Nokia says it has launched Europe’s largest private industrial 5G network at its Alcatel Submarine Networks (ASN) factory in Calais, France. The French government financed the project through its Recovery Plan and the Future Investment Program.
ASN makes submarine cables for communication service providers, public cloud providers and others who want to connect infrastructure across oceans. Christophe Bejina, ASN Group's chief information officer, said Meta is currently ASN’s largest customer.
Tom Richter, head of Nokia’s manufacturing business, highlighted the importance of quality control in the production of undersea cables, since repairing them after deployment is prohibitively expensive. He said the 5G network will eventually provide low latency data transfer to support real-time quality control during the manufacturing process.
Currently, the network is providing round-trip data transfers in less than 10 milliseconds, Richter said. Bejina added that the goal is to reach latencies below 5 milliseconds.
“In a normal public 5G network you’d see 10, 20 milliseconds, and that would be too long for us,” Bejina said. “Below 10 milliseconds is acceptable for the time being. You go to [private] 5G because there is a roadmap.”
ASN’s private 5G network is meant to transmit data only. For now, ASN uses the network to connect Zebra industrial grade tablets, which workers use to see documents during production. “It is not necessary to have a 5G network for this,” said Richter. “When you start to deal with real-time data, it is mission critical, and for this you would need a 5G network.”
Bejina said the security provided by SIM cards with encrypted data is another reason ASN wanted a 5G network. “Nothing else but a 5G network will bring you this security,” he said.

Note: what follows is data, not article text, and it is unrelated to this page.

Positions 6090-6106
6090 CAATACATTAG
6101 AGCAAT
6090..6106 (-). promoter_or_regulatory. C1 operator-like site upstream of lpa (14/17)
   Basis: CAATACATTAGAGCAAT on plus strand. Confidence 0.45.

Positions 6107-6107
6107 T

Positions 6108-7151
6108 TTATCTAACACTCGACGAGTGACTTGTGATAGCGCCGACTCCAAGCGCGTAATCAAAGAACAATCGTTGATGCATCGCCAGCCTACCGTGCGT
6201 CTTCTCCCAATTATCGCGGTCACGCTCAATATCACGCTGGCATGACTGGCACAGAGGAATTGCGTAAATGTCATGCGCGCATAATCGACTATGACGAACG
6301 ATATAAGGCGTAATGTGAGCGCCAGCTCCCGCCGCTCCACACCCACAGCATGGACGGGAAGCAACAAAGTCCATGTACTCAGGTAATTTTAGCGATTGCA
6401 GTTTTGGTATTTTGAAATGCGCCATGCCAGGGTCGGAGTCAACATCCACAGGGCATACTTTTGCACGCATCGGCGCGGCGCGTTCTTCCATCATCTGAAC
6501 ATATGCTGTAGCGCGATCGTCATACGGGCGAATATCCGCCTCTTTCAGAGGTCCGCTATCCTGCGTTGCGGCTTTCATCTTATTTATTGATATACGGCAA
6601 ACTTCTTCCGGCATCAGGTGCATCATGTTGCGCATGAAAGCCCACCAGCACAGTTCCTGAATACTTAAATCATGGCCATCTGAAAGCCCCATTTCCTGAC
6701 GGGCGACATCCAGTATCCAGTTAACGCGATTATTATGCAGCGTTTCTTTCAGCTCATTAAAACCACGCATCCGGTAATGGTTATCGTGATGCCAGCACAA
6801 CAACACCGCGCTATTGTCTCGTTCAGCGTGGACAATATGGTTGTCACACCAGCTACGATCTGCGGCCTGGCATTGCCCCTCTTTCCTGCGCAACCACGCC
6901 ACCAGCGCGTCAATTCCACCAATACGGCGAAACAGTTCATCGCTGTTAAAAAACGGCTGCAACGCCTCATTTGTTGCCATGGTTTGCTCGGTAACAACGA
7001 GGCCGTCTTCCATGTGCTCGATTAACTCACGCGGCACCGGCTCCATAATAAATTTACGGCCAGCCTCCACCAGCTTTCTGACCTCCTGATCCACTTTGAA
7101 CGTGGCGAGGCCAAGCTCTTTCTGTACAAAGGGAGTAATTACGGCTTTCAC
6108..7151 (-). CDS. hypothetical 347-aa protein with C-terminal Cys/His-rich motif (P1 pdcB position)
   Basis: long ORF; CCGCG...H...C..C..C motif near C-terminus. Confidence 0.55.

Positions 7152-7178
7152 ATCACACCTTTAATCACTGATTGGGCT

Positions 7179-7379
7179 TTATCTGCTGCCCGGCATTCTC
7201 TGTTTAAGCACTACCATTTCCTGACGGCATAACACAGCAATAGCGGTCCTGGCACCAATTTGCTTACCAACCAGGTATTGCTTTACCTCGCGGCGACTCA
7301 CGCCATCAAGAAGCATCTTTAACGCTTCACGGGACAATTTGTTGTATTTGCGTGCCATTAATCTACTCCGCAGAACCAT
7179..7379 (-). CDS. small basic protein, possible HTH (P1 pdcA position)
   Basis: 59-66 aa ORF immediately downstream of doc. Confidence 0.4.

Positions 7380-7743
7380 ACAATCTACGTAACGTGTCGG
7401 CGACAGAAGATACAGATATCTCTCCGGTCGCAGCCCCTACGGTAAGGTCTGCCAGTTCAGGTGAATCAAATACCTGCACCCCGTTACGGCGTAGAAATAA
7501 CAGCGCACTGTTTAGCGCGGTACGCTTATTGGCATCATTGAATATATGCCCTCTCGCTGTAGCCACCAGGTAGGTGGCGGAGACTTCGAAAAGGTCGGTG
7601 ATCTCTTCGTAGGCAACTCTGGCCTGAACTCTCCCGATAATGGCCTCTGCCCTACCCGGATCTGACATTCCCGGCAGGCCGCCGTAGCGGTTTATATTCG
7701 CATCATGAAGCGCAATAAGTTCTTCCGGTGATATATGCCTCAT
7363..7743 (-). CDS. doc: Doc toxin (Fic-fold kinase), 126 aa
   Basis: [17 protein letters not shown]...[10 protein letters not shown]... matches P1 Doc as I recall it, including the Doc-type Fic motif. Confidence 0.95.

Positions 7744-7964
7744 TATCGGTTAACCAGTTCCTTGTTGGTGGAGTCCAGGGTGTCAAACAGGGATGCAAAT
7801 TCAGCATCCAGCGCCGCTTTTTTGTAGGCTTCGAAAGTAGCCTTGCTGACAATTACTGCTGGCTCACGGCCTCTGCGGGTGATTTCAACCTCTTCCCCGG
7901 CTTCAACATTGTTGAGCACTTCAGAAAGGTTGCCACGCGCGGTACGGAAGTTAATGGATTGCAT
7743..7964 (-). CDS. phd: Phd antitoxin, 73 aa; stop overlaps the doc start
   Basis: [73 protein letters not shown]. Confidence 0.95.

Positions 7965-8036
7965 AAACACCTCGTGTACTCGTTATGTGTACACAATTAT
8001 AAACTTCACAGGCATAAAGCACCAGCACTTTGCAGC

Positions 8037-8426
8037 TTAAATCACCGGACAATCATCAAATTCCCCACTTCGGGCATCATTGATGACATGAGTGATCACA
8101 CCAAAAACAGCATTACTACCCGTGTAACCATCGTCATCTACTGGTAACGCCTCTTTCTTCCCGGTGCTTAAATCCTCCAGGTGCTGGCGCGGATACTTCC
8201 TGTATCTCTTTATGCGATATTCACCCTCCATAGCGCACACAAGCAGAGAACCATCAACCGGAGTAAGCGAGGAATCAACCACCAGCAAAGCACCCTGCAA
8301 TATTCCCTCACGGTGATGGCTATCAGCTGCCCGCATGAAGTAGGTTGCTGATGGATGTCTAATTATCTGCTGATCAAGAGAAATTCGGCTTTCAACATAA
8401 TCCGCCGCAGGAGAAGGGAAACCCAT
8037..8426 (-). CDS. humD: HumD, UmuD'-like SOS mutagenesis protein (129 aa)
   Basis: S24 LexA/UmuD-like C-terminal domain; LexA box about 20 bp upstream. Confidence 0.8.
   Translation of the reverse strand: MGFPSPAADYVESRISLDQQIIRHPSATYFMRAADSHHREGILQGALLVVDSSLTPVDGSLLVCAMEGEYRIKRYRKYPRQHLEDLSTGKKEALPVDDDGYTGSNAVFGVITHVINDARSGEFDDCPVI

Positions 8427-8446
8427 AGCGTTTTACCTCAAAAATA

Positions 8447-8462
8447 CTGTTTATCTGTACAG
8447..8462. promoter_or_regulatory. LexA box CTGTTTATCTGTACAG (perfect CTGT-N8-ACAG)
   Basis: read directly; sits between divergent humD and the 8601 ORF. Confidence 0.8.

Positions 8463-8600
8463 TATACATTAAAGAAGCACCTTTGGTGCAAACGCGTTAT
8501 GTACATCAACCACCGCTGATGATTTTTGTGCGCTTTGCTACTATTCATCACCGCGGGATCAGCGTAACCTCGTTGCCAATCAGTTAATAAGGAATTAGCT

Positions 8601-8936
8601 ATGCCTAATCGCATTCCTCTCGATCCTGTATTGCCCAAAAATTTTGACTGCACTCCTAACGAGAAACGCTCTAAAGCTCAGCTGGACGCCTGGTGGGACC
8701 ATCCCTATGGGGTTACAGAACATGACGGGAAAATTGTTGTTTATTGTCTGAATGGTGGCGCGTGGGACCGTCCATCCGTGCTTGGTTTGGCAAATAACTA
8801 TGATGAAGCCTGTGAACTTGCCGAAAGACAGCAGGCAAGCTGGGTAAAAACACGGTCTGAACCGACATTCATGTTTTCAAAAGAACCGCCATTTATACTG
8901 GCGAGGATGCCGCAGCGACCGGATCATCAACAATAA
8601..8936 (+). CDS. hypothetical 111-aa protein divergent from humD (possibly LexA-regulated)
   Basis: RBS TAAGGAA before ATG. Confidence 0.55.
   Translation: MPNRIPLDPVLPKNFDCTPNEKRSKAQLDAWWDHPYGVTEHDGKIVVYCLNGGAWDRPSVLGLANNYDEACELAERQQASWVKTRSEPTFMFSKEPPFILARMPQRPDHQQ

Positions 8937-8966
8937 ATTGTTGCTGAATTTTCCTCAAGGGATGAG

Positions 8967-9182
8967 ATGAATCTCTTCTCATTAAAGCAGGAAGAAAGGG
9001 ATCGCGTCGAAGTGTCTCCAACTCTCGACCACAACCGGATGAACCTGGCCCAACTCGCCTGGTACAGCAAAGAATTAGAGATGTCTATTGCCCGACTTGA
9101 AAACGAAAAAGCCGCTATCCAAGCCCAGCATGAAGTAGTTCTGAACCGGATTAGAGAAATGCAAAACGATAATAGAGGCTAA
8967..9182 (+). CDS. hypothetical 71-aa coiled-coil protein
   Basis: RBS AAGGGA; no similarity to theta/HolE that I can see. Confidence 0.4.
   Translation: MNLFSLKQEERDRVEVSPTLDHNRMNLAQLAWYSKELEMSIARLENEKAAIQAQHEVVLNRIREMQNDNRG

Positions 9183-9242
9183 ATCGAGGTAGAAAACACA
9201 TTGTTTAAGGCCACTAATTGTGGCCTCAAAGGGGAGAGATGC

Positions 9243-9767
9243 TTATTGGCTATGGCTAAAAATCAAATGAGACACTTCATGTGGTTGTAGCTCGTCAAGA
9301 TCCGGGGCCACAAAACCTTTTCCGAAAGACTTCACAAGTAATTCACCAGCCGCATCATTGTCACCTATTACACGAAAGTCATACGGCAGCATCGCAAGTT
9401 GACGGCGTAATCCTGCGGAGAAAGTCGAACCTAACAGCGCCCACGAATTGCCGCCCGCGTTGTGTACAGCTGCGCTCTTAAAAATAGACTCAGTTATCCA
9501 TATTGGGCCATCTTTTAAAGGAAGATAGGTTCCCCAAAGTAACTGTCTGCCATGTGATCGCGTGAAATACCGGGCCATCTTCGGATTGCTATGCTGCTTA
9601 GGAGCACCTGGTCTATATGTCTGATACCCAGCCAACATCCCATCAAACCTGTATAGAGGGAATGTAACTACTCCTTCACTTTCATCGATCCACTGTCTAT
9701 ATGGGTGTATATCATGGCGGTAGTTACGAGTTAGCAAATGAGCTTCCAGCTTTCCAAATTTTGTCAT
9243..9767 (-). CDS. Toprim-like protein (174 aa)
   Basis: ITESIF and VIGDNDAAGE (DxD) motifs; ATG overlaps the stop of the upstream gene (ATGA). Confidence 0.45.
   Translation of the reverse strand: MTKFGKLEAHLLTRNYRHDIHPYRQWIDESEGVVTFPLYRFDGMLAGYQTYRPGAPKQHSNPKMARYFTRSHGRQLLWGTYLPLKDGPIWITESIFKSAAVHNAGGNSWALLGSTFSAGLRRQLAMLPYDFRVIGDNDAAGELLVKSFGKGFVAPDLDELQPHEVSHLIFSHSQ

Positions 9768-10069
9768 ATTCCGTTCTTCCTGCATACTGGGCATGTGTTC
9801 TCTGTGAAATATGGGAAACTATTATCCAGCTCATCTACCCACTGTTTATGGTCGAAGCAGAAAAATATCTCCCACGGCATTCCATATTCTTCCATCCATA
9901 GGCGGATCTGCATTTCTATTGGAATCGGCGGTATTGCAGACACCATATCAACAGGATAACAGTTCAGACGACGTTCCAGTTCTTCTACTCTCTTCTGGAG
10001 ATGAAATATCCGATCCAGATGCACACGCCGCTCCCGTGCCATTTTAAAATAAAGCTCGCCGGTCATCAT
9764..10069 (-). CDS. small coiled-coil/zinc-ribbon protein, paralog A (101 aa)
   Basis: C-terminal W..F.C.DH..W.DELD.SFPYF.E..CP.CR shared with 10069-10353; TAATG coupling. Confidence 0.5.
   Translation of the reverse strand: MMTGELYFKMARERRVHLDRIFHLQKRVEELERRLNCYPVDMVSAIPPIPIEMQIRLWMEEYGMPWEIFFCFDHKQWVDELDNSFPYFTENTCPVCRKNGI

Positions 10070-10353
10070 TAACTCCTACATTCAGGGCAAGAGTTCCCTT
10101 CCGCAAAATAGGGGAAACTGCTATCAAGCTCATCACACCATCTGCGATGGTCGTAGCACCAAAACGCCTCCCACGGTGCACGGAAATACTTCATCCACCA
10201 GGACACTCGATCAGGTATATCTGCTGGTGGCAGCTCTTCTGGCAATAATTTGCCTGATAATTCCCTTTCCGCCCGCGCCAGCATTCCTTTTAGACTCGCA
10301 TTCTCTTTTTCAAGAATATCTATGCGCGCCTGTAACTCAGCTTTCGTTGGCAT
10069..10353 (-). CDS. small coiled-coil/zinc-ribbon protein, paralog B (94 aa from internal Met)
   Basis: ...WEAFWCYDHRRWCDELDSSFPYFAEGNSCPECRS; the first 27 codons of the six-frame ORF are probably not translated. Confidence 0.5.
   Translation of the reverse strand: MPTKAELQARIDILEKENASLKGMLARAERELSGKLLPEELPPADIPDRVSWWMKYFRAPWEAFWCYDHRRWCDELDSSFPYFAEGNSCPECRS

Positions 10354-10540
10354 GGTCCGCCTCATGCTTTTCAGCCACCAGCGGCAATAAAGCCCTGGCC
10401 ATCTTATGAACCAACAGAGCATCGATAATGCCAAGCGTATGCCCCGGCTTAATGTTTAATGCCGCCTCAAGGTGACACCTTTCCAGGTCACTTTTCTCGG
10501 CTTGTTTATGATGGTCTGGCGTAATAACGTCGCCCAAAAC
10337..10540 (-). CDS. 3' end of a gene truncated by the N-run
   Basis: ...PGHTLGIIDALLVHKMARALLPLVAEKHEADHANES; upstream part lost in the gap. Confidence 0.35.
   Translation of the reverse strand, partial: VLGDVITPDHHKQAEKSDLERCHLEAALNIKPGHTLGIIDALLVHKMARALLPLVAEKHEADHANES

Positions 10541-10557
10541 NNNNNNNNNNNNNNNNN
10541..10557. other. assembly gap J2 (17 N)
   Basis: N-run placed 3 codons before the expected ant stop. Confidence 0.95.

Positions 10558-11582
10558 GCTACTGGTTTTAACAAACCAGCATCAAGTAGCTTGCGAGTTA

The private 5G network covers 55,000 square meters, including 11 buildings, a deck, and an underground tunnel through which the cable is routed to go from the factory and storage tanks to vessels. Fifty-five Nokia remote radio heads are deployed indoors, and two are deployed outdoors. “Anyone can be connected anywhere, at any place, or on any floor of the factory,” said Bejina.
The Nokia network core is deployed at a small dedicated data center near the factory. Bejina said ASN has a sovereign cloud data center in France, but wanted the network core closer to the Calais factory to reduce latencies.
The dedicated data center also hosts edge compute infrastructure used to interface with software ASN uses for manufacturing. Richter said ASN uses a suite of software provided by PTC, including ThingWorx and other tools which support training and maintenance. He said ASN has already been able to implement the use of digital glasses for equipment maintenance.
Richter said the private 5G network also interfaces with SAP’s enterprise resource planning (ERP) software, which it connects to “through a classical IT system.”
French operator Iliad provided the 3.5 GHz spectrum for the private network, and Iliad subsidiary Free Pro deployed the network infrastructure, and provides ongoing network services. Iliad provisions all SIM cards for the Zebra tablets. Richter said the network can support eSIM devices, but all devices use physical SIMs for now.
Iliad also operates a private 5G network for ASN in the UK, using spectrum purchased from British regulator Ofcom. Like the Calais network, ASN’s private 5G network in Greenwich is controlled by a small dedicated data center.
Currently, the two private networks are not connected to one another, but Bejina said that could be coming. “We could organize gateways to extend [the networks],” he said. “This is a feature that we will consider very strongly.”